The 2021 film Worth so perfectly captures the feeling of living in a post-9/11 America that it’s hard to believe the events happened two decades ago. The biographical film is directed by Sara Colangelo, who approaches the subject tastefully and with nuance. Through small visual reminders — the fashion, CD players, even bulky cell phones — Colangelo gradually takes viewers back in time, first establishing the setting, then showing the drastic shift in everyday life following the horrific attack. Worth is a deeply emotional drama that respects its subject matter — but in doing so, creates a film that, for many, will be difficult to watch.
Audiences are asked a surprisingly poignant question in Worth: what is the value of a life? This was the challenge faced by real-life litigators following the tragedy, who were asked to create a formula to determine how to compensate the families. Eventually, the American government created the September 11th Victim Compensation Fund (VCF), which, to this day, compensates victims of the attack, as well as the families of those who died. Worth explores the process involved in creating the VCF, focusing on the experiences of the “special master” in charge of the project, Kenneth Feinberg.
Michael Keaton stars as Mr. Feinberg (or Ken, as he prefers), an abrasive lawyer who specializes in liability litigation. After the events of 9/11, Feinberg offers to take on the daunting task of administering the proposed compensation fund — an act passed by congress, in part, to prevent victims from suing the airlines. The lawyer’s intentions are pure, as the man takes on the case pro bono in an attempt to help a terrible situation in the best way he can. As Feinberg (and audiences) are reminded repeatedly, a class-action lawsuit from the survivors would be devastating on the economy; as one particularly loathsome congressman puts it, that would be like “letting the terrorists win.“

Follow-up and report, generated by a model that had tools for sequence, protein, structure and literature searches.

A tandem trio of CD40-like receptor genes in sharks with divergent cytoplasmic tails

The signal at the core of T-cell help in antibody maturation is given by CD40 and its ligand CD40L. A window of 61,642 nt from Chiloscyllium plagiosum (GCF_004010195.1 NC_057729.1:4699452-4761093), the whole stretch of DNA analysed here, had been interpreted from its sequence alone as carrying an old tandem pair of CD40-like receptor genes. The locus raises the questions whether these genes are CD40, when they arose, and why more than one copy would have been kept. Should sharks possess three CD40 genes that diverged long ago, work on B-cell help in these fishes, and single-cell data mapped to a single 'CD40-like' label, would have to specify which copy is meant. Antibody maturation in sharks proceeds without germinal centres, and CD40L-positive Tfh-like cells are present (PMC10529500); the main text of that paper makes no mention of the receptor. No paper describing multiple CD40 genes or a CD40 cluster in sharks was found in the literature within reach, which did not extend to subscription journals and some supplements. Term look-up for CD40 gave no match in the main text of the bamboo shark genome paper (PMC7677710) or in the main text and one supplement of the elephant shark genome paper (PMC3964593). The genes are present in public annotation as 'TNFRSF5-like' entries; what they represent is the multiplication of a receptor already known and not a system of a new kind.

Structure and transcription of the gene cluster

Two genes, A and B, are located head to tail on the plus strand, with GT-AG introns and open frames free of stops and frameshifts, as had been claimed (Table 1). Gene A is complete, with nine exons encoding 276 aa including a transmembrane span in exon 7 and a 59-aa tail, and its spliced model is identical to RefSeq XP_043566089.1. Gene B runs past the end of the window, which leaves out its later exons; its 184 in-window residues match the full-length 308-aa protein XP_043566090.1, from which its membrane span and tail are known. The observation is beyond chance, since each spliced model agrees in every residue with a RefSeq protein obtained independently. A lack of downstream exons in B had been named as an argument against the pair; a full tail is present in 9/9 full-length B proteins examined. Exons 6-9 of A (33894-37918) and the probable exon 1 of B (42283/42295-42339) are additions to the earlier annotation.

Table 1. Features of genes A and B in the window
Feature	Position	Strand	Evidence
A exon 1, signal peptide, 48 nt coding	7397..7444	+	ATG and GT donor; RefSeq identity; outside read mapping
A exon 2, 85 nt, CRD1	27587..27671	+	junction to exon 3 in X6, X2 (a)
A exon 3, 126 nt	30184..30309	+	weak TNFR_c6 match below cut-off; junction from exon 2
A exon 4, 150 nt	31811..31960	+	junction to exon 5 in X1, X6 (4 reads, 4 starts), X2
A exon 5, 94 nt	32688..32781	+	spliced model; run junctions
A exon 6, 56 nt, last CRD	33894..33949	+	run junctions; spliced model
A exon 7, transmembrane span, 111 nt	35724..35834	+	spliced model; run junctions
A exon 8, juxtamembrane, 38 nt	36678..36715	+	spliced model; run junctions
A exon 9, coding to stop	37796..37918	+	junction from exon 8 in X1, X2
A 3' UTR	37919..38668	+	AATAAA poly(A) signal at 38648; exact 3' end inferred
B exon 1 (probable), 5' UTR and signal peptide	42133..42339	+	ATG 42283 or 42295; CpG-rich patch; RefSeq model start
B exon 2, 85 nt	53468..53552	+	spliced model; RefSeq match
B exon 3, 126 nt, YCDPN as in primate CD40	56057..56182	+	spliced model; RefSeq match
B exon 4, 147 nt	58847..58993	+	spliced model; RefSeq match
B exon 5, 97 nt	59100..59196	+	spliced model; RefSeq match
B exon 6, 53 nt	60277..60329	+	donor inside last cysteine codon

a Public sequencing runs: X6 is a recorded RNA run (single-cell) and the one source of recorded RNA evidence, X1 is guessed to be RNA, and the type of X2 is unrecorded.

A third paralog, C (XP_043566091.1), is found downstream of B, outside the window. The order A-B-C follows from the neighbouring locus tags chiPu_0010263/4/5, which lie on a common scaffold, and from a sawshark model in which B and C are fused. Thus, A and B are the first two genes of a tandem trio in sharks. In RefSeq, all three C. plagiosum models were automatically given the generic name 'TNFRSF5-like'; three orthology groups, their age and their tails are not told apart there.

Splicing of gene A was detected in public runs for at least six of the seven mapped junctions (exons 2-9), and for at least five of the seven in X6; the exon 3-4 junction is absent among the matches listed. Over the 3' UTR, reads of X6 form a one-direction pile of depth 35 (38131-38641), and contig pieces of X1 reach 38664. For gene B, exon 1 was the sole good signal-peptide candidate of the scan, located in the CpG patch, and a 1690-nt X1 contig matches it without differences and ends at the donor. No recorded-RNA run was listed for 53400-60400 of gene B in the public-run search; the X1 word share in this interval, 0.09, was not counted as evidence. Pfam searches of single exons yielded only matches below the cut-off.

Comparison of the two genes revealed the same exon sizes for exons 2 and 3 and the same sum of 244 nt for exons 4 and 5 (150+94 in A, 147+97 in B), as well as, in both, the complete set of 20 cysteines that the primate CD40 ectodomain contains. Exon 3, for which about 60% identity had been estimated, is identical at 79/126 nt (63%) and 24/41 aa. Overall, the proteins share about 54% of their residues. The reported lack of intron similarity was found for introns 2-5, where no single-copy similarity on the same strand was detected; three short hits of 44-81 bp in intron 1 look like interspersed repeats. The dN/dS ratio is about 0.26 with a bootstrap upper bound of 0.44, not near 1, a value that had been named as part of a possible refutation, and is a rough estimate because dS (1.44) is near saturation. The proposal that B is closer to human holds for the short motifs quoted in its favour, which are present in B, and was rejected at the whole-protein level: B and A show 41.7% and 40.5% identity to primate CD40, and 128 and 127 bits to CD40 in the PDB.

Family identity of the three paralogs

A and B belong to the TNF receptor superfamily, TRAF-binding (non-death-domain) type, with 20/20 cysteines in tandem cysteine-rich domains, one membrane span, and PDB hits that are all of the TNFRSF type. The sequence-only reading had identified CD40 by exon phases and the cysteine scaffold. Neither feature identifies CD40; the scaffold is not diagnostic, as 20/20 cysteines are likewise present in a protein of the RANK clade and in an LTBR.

Keaton is joined by an ensemble cast in Worth. There are several memorable performances in the film, but the clear standout is Stanley Tucci as the earnest and effortlessly likable Charles Wolf. Unlike many of the characters in the movie — who are amalgamations of various people’s experiences — Tucci’s Wolf is based on a real individual who did found the “Fix the Fund” advocacy group. Tucci and Keaton’s onscreen chemistry is a highlight of the film; it’s a shame their interactions are limited to just a few scenes. The majority of the film is Feinberg’s team meeting with the frustrated and grief-stricken families of survivors, and this strategy almost works, but just falls short in terms of narrative execution. Worth struggles to balance its large cast, and as a result, the momentum lags. Seeing Feinberg and Wolf respectfully butting heads is compelling and fresh, but the constant introduction of side plots slows the story down.